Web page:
hibited at the International Horticultural Exhibition
at Hamburg. It is said to articulate various words,
and even to answer questions and simple sentences
with wonderful distinctness.

It is satisfactory to hear that M. Armand, a French
savant, has stated to the Academy of Sciences that he
has discovered a sure antidote to nicotine in the com-
mon water-cress. It destroys the poisonous effects of
nicotine, and yet does not alter the aroma of tobacco.
A solution of water-cress may therefore be employed
for steeping the leaves of tobacco, and would thus
divest them of their noxious properties, and, more-
over, a draught of the same will act as a sure antidote
to nicotine. In the face of this important discovery,
anti-tobacco societies will no longer have any excuse
for the affectionate interest they have hitherto dis-
played in the health of smokers, or for the lavish
abuse they have so freely bestowed upon their vic-
tims. Instead of tracts, the anti-tobacconists should
now distribute water-cresses.

The following is a description of the manner in
which marriages among the Scotch peasantry were
formerly conducted: The fond swain who had re-
solved to make proposals sent for the object of his
affection to the village ale-house, previously inform-
ing the landlady of his intentions. The damsel, who
knew the purpose of the message, busked herself in
her best attire and waited on her admirer. She was
entertained with a glass of ale; then the swain pro-
ceeded with his tale of love. A dialogue like the fol-
lowing ensued: “I'm gaun to speir whether ye will
tak me, Jenny.”“Deed, Jock, I thocht ye micht hae
speir't that lang syne.”“They said ye wad refuse
me, lassie.”“Then they're leers, Jock.”“An' so
ye'll no refuse me, lassie?”“I've tell't ye that twice
owre already, Jock.” Then came the formal act of
betrothal. The parties pressed the thumbs of their
right hands, which they licked, together, and vowed
fidelity. The ceremony possessed the solemnity of
an oath, the violator of such an engagement being
considered guilty of perjury. In allusion to this prac-
tice a favorite Scottish song commences:

“There's my thumb, I'll ne'er beguile thee.”

In 1866 there were sent over the wires in the United
States 12,904,770 messages, a larger number than in
Great Britain, France, and Austria combined.

That English ladies are getting their fair share, at
least, of literary work, will be seen from the fact that
four magazines are now edited by ladies; and, also,
that three or four of the best known writers of maga-
zine fictions are of the gentler sex.

Among many sensible remarks of the late Lord
Palmerston, his suggestions on the subject of legible
handwriting are well worthy of attention. His lord-
ship, who wrote a very plain, clear hand himself,
thought every body ought to be able to write in char-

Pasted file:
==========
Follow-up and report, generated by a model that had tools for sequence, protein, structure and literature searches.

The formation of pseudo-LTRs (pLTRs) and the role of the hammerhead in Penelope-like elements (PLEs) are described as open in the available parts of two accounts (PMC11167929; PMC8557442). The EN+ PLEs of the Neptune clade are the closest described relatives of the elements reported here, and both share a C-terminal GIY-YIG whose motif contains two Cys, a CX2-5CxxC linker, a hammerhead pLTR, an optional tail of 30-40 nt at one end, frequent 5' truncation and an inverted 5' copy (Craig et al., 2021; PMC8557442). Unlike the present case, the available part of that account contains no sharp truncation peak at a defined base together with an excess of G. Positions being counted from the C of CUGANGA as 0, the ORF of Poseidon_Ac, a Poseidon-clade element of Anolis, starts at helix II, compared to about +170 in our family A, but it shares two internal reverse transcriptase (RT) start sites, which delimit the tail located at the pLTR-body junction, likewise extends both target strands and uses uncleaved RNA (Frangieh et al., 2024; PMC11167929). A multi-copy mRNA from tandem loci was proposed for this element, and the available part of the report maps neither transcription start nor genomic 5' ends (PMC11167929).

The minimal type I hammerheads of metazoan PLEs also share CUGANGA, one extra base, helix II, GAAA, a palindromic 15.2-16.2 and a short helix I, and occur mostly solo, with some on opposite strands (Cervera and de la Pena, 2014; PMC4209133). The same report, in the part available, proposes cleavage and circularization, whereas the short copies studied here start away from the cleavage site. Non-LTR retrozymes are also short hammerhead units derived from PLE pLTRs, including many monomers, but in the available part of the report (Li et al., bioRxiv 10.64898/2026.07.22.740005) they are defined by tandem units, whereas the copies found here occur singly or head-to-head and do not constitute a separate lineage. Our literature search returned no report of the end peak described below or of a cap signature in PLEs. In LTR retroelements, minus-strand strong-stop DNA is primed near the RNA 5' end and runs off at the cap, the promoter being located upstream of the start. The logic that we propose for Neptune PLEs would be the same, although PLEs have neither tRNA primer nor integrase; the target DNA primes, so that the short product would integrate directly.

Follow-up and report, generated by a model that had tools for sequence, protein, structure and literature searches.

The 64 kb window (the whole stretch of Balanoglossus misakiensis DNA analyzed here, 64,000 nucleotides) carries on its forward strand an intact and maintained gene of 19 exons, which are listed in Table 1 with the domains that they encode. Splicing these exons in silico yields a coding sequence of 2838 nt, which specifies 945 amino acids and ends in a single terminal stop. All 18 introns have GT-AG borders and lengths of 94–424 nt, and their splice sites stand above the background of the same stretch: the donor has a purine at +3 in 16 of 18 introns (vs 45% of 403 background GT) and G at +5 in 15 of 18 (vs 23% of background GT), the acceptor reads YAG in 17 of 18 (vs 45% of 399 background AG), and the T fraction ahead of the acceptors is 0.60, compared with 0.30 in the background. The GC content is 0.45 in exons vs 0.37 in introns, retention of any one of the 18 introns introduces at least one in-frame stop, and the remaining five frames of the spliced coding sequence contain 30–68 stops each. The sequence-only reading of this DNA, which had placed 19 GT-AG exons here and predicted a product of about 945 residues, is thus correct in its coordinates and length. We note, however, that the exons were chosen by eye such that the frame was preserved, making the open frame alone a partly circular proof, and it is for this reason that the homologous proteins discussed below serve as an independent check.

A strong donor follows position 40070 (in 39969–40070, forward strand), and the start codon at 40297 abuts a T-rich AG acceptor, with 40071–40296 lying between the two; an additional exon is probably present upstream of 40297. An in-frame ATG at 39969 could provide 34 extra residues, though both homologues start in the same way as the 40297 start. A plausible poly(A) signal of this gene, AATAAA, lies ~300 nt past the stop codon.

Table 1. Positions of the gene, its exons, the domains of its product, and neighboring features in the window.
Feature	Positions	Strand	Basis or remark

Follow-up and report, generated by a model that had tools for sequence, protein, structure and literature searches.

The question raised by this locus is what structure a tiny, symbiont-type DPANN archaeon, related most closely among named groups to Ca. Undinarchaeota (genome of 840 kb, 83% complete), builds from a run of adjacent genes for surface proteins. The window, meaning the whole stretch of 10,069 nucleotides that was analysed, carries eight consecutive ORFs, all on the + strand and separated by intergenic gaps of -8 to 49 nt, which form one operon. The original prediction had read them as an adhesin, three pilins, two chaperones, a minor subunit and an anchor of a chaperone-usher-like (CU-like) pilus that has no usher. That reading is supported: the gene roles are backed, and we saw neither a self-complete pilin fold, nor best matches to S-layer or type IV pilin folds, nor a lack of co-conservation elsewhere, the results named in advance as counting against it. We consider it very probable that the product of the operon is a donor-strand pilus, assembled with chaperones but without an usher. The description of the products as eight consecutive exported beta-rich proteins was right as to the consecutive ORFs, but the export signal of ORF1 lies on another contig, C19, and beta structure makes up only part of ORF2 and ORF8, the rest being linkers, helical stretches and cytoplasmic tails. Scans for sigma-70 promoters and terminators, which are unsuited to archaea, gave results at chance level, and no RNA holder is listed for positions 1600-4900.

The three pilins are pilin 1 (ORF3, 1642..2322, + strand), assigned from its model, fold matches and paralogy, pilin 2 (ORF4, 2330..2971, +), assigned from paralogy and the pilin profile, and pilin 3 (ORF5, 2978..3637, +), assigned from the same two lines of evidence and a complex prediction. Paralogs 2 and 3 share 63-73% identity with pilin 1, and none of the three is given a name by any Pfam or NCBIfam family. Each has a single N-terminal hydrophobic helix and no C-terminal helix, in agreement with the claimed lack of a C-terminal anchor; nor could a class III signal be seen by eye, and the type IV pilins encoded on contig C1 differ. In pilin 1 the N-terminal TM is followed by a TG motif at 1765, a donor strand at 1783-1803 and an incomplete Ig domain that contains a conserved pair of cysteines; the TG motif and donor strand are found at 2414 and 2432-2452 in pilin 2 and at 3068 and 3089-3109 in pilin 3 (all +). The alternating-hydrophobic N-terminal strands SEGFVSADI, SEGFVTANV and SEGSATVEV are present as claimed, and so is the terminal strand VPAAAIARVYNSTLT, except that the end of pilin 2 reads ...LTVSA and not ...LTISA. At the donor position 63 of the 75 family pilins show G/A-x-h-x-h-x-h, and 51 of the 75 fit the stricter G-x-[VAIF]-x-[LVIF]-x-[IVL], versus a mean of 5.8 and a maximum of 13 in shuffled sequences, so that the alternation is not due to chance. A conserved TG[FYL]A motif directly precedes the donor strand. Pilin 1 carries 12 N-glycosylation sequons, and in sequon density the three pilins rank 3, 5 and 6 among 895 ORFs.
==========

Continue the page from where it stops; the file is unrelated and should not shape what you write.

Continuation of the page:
acters easily decipherable. We think so too; the ob-
ject of all writing is that it may be read. Many of our
eminent men write a most abominable scrawl. Every
body knows Mr. Dickens's sketch of a learned sergeant,
whose opinions all the solicitors sought on the most
abstruse points of law, and whose old clerk was the
only person in the world who could decipher them
when the counsel had written them out. The great
humorist himself, however, is an offender in this re-

Here is a man who would have delighted the Vicar
of Wakefield's heart. Jeremy Washbourne, when a
young man, married, and when he had reached thirty
his wife died, leaving him a father of ten children.
He married again. At the age of forty-eight he was
once more made a widower, and a father to the ex-
tent of seventeen children. Unawed Jeremy married
again; and at the age of seventy relapsed into widow-
erhood, his third wife bequeathing to his love twenty-
one children. The bone of Jeremy's bone, and the
flesh of his flesh had been therefore multiplied into
forty-eight. Of the offspring of the first batch he is
the great-great-grandfather, of the second the great-
grandfather; of the third of course the grandfather.
The statistics have credited him with three hundred
and twelve as his contribution to posterity. He lives
at Hull, England, and is yet fresh and hearty.

The German savant, Falb, has been exciting the
greatest alarm among the inhabitants of South Amer-
ica, having predicted an earthquake more severe than
that of last year. This alarm has been increased by
the fact that some of the German professor's prophe-
cies have been verified, as on the 20th, 21st, and 24th
of August several shocks of earthquake were expe-
rienced, and at Iquique and Arica the sea receded
with great velocity, and afterward returned, causing
much damage to small craft near the coast in that lo-
cality. All along the sea-shore shocks more or less
severe have been experienced, and the consternation
caused by them is most intense.

The late gale was disastrous to the oysters. In
some beds fully one half were destroyed. At various
points the oystermen find their prospective yield sad-
ly interfered with. The wind and tide lifted and
transported vast quantities of sand, distributing it
over the beds, and completely burying the oysters.

[Photographed by William Stroud.]